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Looking forward and future-proofing body worn camera integration

Body worn cameras (BWCs) are probably best known for looking forward, assessing clear and present risks and de-escalating the immediate threat facing key workers, whether they’re frontline emergency personnel or under-pressure retail colleagues.

Key worker occupations are as much in the headlines in 2023 as they were last year. Previously experiencing record levels of violence and aggression levelled against them from an increasingly frustrated public that emerged from COVID, now public behaviour has been further impacted by a cost-of-living crisis where wage levels are failing to keep pace with the rocketing inflation eating into their rapidly diminishing pay packets.

Looking back, a Retail Trust survey of 1,000 store workers in November said two-thirds had experienced both verbal and physical attacks in the last two years resulting in nearly half of workers considering quitting. Conversely, a YouGov poll of 2,000 shoppers found nearly half admitted to getting annoyed with a retail worker and, of these, 81 per cent had lost their temper or became aggressive, blaming most of the frustration on items being out of stock, slow service or not enough staff or checkouts. Two thirds pinned their anger on rising prices. 

In what has rapidly become the winter of discontent, BWCs have earned their place in the toolbox of protections for key workers, proving to be a means of retaining colleagues who may otherwise have walked. But what about the strategic future of BWC?  What else can it achieve to assist struggling retailers?

“The future is all about collaboration – we will direct body worn camera development and innovation to achieve whatever our customers need them to do,” said Matthew Dawes of Reveal Media, one of the market-leading providers of the technology.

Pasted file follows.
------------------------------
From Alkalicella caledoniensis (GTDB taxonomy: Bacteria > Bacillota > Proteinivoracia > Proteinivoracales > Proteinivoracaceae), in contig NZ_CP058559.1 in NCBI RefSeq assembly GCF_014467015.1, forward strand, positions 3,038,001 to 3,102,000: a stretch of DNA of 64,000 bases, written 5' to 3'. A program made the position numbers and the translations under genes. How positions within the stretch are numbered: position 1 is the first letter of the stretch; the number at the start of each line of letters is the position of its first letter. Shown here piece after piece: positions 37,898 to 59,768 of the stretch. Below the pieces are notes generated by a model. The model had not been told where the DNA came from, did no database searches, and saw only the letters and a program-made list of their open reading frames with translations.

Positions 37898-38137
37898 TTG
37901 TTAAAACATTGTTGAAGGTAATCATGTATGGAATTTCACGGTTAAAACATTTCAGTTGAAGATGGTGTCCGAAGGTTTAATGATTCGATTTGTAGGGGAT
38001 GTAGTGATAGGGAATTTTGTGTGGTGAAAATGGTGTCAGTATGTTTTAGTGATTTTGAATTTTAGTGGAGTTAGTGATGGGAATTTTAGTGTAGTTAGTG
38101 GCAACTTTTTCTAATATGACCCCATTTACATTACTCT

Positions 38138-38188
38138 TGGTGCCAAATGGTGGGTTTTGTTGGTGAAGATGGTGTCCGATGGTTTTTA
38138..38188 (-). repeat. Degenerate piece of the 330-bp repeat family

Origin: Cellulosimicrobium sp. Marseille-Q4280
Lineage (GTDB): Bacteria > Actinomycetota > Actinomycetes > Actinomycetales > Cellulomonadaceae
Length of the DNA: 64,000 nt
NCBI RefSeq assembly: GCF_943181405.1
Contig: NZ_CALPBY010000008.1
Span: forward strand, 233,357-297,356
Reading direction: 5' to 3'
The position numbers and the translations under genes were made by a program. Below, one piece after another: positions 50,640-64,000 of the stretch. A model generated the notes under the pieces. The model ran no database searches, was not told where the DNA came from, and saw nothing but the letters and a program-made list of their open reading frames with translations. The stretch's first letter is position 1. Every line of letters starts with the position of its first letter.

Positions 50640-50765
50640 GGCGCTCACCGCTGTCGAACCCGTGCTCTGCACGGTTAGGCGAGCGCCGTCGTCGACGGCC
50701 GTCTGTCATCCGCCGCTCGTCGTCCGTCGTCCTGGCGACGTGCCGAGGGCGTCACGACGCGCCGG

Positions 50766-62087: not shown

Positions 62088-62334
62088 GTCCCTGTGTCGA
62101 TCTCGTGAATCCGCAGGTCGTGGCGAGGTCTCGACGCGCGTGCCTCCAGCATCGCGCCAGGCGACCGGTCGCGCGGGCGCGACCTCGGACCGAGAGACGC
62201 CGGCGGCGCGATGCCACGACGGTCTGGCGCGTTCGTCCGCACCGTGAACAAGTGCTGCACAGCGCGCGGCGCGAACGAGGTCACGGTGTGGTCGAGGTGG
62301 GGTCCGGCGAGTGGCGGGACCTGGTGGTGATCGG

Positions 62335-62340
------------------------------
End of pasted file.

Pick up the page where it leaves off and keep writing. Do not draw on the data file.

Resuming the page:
“Looking forward to 2023, we are looking at how we better integrate BWC technology with other systems, such as incident reporting for example, because retailers don’t just want to de-escalate problems, they want all their evidential data in one place.”

Matthew said the technology is also moving into the world of artificial intelligence (AI) and future-proofing predictive behaviours.

This, he argues, will present increasing opportunities when retailers begin to embrace technologies such as facial recognition once the data integrity of the system has been legally proven.

“Many retailers are looking to embrace facial recognition and body worn cameras can pay a major part in the identification of persistent offenders who may already be on a store’s watch list,” he said.

Looking forward, Reveal Media is also focussed upon rolling out BWC into community roles, including lone working store delivery teams or courier businesses who may be increasingly vulnerable.

BWC, he argues, will be able to help employers comply with their health and safety obligations and their duty of care to those they carry vicarious liability for.

“A lot of delivery drivers are also on zero-hour contracts and may not be directly employed by the retailer or the courier company, but BWCs will help provide peace of mind through the recording and managing of incidents. AI features such as ‘man down’ notifications can ensure help can be summoned when they are out on their own.

“This is all part of the ‘future-proofing’ of the technology both in the UK and overseas where we are being increasingly asked to provide proof-of-concept trials. Our customers have a global footprint, and we are being asked to match it and position BWC internationally,” he added. 

Whatever the application, front-facing BWCs are always looking ahead at how they can be optimally deployed in an increasingly technological and troubled world where visual and visceral intelligence have become the new international currency.

For more information, contact Reveal Media.

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